I think that John Cattuna Jr.’s recent evaluation of the most popular methods of sight reduction was excellent ("Sight reduction methods compared," Issue No. 92, Sept./Oct. 1998). I especially liked his argument that DR-based reduction methods are "a little easier, if only from a plotting perspective." I could not agree more. Assumed position-based reductions are nice for the rec room chart table purist but lose any advantages they might have in the small, dark, wet, and constantly gyrating cubby hole that is most boat’s nav station.
With GPS rapidly becoming accepted as the primary navigation tool used by most navigators, celestial back-up should be as easy as possible; first, to encourage the navigator to use it regularly; and, second, to reduce the chance of errors due to cumbersome methodology. In my opinion these arguments alone fully justify the use of reduction methods that start from a DR position over the mental and plotting gymnastics required of the AP schemes. In this day of cheap scientific calculators, by far the best reduction methods, as a GPS backup, are the Law of Co-sines formulas described in Bowditch (1984), Appendix T. A programmable calculator can produce accurate results in seconds. A dual-powered (battery and solar) calculator in a tightly sealed plastic bag is part of my anti-Murphy emergency kit.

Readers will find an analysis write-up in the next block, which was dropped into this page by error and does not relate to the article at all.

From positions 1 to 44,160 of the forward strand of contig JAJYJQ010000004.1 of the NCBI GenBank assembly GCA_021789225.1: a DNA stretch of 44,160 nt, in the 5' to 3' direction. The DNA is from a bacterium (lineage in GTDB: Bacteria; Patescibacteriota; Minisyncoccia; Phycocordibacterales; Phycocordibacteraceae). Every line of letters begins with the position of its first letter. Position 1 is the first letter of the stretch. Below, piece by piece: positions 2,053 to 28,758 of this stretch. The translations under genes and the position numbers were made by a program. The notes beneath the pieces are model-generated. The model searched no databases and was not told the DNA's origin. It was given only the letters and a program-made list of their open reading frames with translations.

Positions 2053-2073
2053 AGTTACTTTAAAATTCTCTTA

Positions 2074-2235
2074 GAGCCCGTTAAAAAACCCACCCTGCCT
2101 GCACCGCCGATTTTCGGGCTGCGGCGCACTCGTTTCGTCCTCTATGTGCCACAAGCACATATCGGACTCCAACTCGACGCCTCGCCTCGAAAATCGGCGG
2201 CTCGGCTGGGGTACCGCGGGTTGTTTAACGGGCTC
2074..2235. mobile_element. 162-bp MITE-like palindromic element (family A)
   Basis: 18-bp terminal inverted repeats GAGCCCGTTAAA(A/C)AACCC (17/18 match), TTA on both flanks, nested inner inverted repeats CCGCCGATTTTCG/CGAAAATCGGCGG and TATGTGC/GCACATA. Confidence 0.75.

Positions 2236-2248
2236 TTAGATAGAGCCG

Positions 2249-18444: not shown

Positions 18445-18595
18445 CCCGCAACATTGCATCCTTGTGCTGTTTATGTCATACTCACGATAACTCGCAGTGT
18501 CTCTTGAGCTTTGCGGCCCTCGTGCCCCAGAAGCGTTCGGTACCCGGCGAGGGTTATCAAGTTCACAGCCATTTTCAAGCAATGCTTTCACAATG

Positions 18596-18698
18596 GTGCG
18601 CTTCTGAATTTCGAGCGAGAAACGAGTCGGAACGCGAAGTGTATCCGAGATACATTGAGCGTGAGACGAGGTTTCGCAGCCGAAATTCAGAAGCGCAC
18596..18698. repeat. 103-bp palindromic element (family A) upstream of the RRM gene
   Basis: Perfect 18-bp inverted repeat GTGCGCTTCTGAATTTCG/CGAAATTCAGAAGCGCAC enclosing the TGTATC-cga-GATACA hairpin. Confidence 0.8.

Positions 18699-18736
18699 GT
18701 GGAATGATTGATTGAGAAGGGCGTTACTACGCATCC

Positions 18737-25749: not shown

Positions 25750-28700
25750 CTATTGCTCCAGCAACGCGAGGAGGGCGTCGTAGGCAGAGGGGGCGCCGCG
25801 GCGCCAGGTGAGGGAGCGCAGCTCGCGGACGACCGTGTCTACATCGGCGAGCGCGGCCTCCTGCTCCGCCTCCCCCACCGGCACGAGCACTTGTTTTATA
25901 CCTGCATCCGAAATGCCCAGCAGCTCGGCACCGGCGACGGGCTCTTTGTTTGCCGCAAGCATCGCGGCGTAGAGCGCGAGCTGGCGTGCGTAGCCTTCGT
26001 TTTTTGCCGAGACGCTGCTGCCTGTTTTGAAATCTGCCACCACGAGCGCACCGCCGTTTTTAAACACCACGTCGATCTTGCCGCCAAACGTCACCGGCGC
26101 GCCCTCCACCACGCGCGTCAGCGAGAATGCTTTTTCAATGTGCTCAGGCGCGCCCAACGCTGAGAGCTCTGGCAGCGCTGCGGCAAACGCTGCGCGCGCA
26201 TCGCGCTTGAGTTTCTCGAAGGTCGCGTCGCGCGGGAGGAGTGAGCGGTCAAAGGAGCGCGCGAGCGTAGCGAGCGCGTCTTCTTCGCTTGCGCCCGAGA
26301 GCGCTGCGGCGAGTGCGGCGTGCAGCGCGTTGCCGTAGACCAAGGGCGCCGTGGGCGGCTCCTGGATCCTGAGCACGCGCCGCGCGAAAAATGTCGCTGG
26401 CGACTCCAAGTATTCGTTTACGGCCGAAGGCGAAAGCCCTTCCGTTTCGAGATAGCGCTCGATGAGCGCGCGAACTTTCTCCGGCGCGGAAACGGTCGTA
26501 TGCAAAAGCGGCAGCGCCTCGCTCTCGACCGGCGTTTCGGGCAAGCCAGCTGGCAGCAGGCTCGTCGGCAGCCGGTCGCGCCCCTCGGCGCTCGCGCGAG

In case Murphy does strike, I also carry a copy of Allan E. Bayless’s Compact Sight Reduction Table. This table is an excellent modification of the Ageton Method; however, like the S-table, it is only nine pages long. Dr Bayless’s booklet contains outstanding explanations of the uses of his methods and includes Sadler’s Technique, which, I can assure you, completely negates Mr. Cattuna’s warning regarding the forbidden zone of when intermediate values of K are near 90°. Sadler’s Technique allows reductions up to and including K = 90° with no loss of precision.
Thus, my recommendations for today’s navigation practice is GPS as the primary, backed up with celestial cross-checks reduced by calculator using GPS as DR positions. Modified Ageton (Bayless) may then be used as the cross-check for the calculator reduction.